Approaching weight loss as a family affair

UMass Dartmouth Psychology Professor Ted Powers researching spouses’ support for weight loss

Ted Powers
Psychology Professor Ted Powers researching optimal spousal support in the weight loss process.

UMass Dartmouth Psychology Professor Ted Powers is part of a National Institute of Health (NIH) funded study in collaboration with Dr. Amy Gorin and others at the University of Connecticut to research optimal spousal support in the weight loss process. The project in particular applies the theory of self-determination, which focuses on the degree to which individual’s behavior is self-motivated. The study hopes to address the fundamental importance of autonomy support in weight management.

The primary aim of this study is to examine the impact of a couples weight loss program rooted in self-determination theory on weight loss outcomes. Previous couple weight loss programs have been evaluated and in general have produced small additional weight loss benefits. However, further research is needed to develop and test a theory-based couples weight loss program to determine whether spouses’ can facilitate each other’s weight loss and to understand what type of support is most beneficial in the weight loss process.

Obesity is a significant public health problem yet current treatment models continue to approach weight management from an individual perspective. According to the research team’s proposal, more than 69 percent of U.S. adults are overweight or obese with all American adults projected to reach this status by 2048. Obesity may result in staggering medical costs and the current generation of children may be the first to have a shorter lifespan than their parents due to excessive weight. The speed with which obesity rates have increased suggests that social and physical environments are the primary drivers of this epidemic according to researchers.

‌Married couples are an important relationship to target for joint behavior change and weight loss. Most eating and activity decisions are made in the‌ home, so it makes intuitive sense to involve other adults from the home in treatment to facilitate healthy behavior change.  Married couples share obesity risk and behaviors. Spouses’ weights have been shown to be correlated at the start of marriage and follow a similar trajectory over time.  If one spouse becomes obese, the risk for the other spouse becoming obese increases by 37 percent according to researchers. Additionally, researchers reason if one spouse participates in weight loss treatment, the other untreated spouse often experiences modest weight loss. This ripple effect for both weight gain and weight loss highlights the intended (or unintended) impact spouses can have on each other’s weight and related behaviors.

The proposed research is innovative in that it will target married couples, not individuals, for weight loss and behavior change, it will have a clear, theory based definition of support, and will measure support subjectively through self-reporting and objectively through videotaped observations.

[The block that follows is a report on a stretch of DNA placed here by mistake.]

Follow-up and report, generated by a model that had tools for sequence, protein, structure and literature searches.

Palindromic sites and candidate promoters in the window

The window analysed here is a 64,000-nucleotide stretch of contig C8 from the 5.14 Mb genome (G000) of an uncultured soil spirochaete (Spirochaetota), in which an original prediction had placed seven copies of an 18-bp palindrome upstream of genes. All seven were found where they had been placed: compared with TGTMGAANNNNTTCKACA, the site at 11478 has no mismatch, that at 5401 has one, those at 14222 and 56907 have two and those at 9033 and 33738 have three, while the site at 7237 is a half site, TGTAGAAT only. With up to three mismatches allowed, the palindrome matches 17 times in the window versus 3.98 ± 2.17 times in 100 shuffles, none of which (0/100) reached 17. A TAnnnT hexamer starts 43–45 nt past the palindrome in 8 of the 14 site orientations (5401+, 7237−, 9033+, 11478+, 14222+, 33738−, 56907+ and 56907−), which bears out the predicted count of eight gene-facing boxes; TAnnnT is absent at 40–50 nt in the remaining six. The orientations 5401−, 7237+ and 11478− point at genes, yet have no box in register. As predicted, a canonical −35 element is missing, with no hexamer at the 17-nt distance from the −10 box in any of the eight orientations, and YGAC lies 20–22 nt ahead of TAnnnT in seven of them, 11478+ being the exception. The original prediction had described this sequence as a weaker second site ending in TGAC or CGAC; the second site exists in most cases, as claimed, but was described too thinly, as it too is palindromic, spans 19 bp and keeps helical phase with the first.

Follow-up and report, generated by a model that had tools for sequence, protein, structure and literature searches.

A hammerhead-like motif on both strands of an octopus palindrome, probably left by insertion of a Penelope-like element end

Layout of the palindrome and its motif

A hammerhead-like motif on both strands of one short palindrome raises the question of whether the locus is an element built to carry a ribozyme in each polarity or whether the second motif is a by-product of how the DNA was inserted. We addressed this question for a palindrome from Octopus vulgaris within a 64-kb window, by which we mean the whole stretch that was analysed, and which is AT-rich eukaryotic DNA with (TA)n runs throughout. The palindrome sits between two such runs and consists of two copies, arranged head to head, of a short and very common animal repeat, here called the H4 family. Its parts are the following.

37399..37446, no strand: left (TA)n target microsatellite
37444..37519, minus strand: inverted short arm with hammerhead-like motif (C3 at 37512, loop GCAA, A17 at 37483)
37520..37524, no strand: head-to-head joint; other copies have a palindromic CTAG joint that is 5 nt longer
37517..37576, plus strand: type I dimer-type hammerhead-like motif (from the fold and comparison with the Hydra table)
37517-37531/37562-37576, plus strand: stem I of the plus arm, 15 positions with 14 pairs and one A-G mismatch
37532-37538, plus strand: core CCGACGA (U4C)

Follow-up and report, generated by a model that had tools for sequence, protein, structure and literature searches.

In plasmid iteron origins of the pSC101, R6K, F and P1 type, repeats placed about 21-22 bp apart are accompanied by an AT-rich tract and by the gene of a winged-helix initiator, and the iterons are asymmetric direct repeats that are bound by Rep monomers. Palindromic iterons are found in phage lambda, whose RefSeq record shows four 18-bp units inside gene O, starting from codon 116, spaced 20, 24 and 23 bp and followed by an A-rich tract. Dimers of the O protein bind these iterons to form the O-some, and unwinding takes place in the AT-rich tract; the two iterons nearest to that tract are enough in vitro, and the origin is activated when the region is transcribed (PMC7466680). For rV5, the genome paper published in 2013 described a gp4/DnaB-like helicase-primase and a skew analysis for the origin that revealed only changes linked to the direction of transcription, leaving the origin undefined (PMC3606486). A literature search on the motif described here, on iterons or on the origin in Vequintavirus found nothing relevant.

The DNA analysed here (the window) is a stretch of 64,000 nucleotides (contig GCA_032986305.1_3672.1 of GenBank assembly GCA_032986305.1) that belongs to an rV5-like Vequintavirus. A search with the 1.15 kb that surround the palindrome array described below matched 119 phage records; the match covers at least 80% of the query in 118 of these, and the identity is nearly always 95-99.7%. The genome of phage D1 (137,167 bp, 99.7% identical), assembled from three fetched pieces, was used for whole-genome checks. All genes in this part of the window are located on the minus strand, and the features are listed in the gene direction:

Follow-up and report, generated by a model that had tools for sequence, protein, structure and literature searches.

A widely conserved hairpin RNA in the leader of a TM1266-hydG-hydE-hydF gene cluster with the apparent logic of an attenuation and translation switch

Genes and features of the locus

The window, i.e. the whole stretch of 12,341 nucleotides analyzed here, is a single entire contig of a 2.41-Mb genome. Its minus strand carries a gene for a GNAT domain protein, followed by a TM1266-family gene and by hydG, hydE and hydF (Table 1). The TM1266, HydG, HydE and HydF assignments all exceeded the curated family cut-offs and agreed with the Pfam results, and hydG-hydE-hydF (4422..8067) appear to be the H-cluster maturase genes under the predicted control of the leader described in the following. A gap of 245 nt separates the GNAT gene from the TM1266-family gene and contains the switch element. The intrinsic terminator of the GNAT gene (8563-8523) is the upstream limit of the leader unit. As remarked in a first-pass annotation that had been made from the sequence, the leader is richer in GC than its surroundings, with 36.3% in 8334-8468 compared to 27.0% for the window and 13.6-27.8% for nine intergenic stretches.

Breakdown of study:

  • Couples will be assessed at 0, 6, and 12 months.  All couples will receive 6 months of weekly weight loss group meetings and the same core information about diet and physical activity. 
  • Individuals with advanced degrees in nutrition, exercise physiology, or behavioral psychology and with experience delivering behavioral weight loss treatment will serve as interventionists. 
  • Each couple will be placed on a standard caloric and fat restricted diet consistent with published trials and industry recognized guidelines.
  • Each couple will be encouraged to gradually increase their physical activity until they are engaging in 60 minutes of moderate intensity activity on 5 days per week
  • The participants in the experimental condition will additionally receive training on how to provide needs support to their partners

couples workoutA narrow focus on the individual to the neglect of their larger social/interpersonal environment may be one reason current treatment programs consistently fail to produce long-term weight loss. Moving the focus of study from the individual to the married couple has the potential to improve weight loss outcomes and promote a healthier weight status in all family members. The couples approaches examined in this study have potential applications to the long-term maintenance of other important health behaviors.

‌The study proposes to develop and test a couples weight loss program that has the potential to improve weight loss outcomes for both members of the marital relationship.  The research looks to improve upon previous research by producing a clear conceptual framework guiding involvement of spouses in treatment, assessment, and analysis.

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